Arts & Culture / Spring 2018

Denver’s Kirkland Museum makes a major move

Furniture designed by Émile-Jacques Ruhlmann and a lacquered wood screen by Jean Dunand are among the pieces on display at the Kirkland Museum of Fine & Decorative Art. Photo: Wes Magyar

In spring of 1981, the 76-year-old Vance Kirkland lay dying in a Denver hospital. Knowing his days were dwindling, the city’s most famous modern artist wanted nothing more than to paint.

Enter his longtime friend Hugh Grant. “I set up his hospital room as a studio,” Grant recalls, noting that the artist would repeatedly ask for more brushes, paints and colors. Grant would deliver more yellow, more blue, but particularly more cadmium scarlet. Always more scarlet.

Kirkland completed that painting, a pulsating installment in his famous dot series, and then moved to still another canvas, which he was diligently confronting when his productive life came to an end.

Art lovers can see Kirkland’s final works, as well as paintings from his major creative periods, at the new home of the Kirkland Museum of Fine & Decorative Art, which opened in March in Denver’s Golden Triangle Creative District. With its sunshiny yellow exterior, the 38,500-square-foot building sits just steps away from the Clyfford Still Museum and the Denver Art Museum.

For Kirkland fans like Grant, the Golden Triangle location puts the artist right where he belongs: at the center of a vibrant museum scene oozing cultural cachet. And Kirkland’s name promises to burnish that cachet — after all, aficionados from all over the world admire his surrealistic watercolors and mind-blowing abstractions of nebulae and galaxies. In Denver, meanwhile, he is remembered for founding DU’s School of Art and Art History in 1929.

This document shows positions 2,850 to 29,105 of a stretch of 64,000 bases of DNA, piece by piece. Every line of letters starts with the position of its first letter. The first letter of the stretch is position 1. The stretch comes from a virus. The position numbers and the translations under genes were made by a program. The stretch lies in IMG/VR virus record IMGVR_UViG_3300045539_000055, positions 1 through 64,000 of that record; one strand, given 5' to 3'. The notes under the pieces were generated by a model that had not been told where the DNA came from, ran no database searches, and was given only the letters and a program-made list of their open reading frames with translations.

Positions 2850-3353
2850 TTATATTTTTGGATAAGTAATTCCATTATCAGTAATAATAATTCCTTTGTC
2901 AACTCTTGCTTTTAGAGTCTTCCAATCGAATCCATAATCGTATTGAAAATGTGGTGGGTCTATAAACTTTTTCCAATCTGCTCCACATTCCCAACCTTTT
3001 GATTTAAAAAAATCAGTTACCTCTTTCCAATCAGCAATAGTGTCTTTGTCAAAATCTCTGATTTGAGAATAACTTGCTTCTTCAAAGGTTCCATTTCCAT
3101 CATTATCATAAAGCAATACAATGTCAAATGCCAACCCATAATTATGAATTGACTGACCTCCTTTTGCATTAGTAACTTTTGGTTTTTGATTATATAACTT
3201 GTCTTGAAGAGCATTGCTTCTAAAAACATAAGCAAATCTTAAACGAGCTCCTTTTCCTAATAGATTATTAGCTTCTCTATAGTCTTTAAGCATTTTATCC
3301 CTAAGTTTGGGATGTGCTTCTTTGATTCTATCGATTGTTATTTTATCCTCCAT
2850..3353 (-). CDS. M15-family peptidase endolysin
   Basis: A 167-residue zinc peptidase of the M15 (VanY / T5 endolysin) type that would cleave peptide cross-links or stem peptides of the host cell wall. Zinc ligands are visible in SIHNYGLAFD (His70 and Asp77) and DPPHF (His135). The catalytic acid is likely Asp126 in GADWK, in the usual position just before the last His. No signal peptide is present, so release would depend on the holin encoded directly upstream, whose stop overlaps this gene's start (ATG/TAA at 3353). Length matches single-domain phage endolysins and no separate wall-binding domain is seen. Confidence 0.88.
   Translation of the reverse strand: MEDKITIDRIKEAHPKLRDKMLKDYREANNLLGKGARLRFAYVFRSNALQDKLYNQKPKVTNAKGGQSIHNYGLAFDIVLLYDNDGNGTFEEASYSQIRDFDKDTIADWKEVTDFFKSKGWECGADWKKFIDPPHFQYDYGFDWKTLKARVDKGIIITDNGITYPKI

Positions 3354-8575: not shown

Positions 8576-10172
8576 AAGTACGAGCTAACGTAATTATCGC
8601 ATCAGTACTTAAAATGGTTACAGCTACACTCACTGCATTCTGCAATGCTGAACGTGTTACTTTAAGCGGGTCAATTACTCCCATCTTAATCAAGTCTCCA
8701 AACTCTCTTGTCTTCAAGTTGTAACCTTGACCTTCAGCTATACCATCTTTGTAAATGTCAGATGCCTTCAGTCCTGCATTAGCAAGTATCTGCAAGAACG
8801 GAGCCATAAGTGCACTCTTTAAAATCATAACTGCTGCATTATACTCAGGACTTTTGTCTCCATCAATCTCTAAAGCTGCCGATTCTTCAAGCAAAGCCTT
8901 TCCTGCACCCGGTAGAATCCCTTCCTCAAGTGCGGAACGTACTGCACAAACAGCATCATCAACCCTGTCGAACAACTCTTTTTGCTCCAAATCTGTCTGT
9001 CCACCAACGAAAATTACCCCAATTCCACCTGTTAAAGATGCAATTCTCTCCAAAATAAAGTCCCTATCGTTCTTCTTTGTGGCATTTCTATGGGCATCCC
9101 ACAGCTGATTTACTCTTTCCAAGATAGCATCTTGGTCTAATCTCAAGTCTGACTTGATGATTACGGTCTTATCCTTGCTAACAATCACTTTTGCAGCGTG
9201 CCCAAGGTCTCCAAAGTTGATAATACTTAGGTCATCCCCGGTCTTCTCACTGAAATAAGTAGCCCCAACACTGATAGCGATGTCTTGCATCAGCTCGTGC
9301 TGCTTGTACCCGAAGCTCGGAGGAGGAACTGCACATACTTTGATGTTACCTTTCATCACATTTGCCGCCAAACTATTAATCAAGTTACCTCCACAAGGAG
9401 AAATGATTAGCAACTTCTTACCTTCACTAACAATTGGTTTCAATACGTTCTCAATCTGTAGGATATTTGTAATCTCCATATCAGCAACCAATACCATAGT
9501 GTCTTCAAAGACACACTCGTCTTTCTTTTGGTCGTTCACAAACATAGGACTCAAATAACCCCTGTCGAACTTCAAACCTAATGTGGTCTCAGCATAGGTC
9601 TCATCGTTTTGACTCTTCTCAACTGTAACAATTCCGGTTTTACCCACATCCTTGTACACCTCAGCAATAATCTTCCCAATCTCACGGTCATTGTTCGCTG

But no one remembers him as well as Grant. As the museum’s director, he serves as the keeper of Kirkland lore. His parents were the artist’s good friends, and Grant grew up in Kirkland’s milieu, learning about art and artful living. Upon Kirkland’s death, he inherited most of the artist’s estate — a legacy he converted into the original Kirkland Museum, located at the artist’s studio in Capitol Hill. Over the years, Grant built the museum’s collection and dreamed of acquiring additional space for showcasing its art.

Grant shared that dream with Merle Catherine Chambers, the donor behind DU’s Chambers Center for the Advancement of Women. Chambers, too, thought the collection needed more room and suggested relocating to the Golden Triangle, an idea Grant initially dismissed, assuming it meant abandoning Kirkland’s quirky workspace. “We can’t move down there,” Grant told her. “I won’t leave the studio.” Chambers’ response? “Pick it up and move it.”

Which, with support from the Merle Chambers Fund, is exactly what they did. The studio move took place in fall 2016, when the structure was hoisted from its Pearl Street perch and transported down East 13th Avenue. The building was then positioned at the north end of the new site, where it offers insight into how Kirkland approached the blank canvas.

The museum provides more than a retrospective of Kirkland’s work. It also displays international decorative art and works by 700 Colorado and regional artists, among them DU’s own Maynard Tischler, a longtime faculty member known for his ceramics. (The facility has countless DU connections; four of its staff members are alumni.)

At DU, Grant says, Kirkland was known for transforming a small art department offering non-credit classes into a school staffed by professionals. Among those pros were a number of women, whose hiring stirred considerable controversy. In fact, when news broke that Kirkland planned to bring on a female instructor, he was chastised for giving a man’s job to a woman. As Grant remembers, “He said, ‘To hell with it. I’ll hire her.’”

For Grant, the new museum pays tribute not just to Kirkland’s career, but to his support of Colorado’s creative community. What would Kirkland think of the facility? Grant can’t be sure, but, he says, “I think he’d be pleased that we are showing so many of the Colorado artists he championed.”


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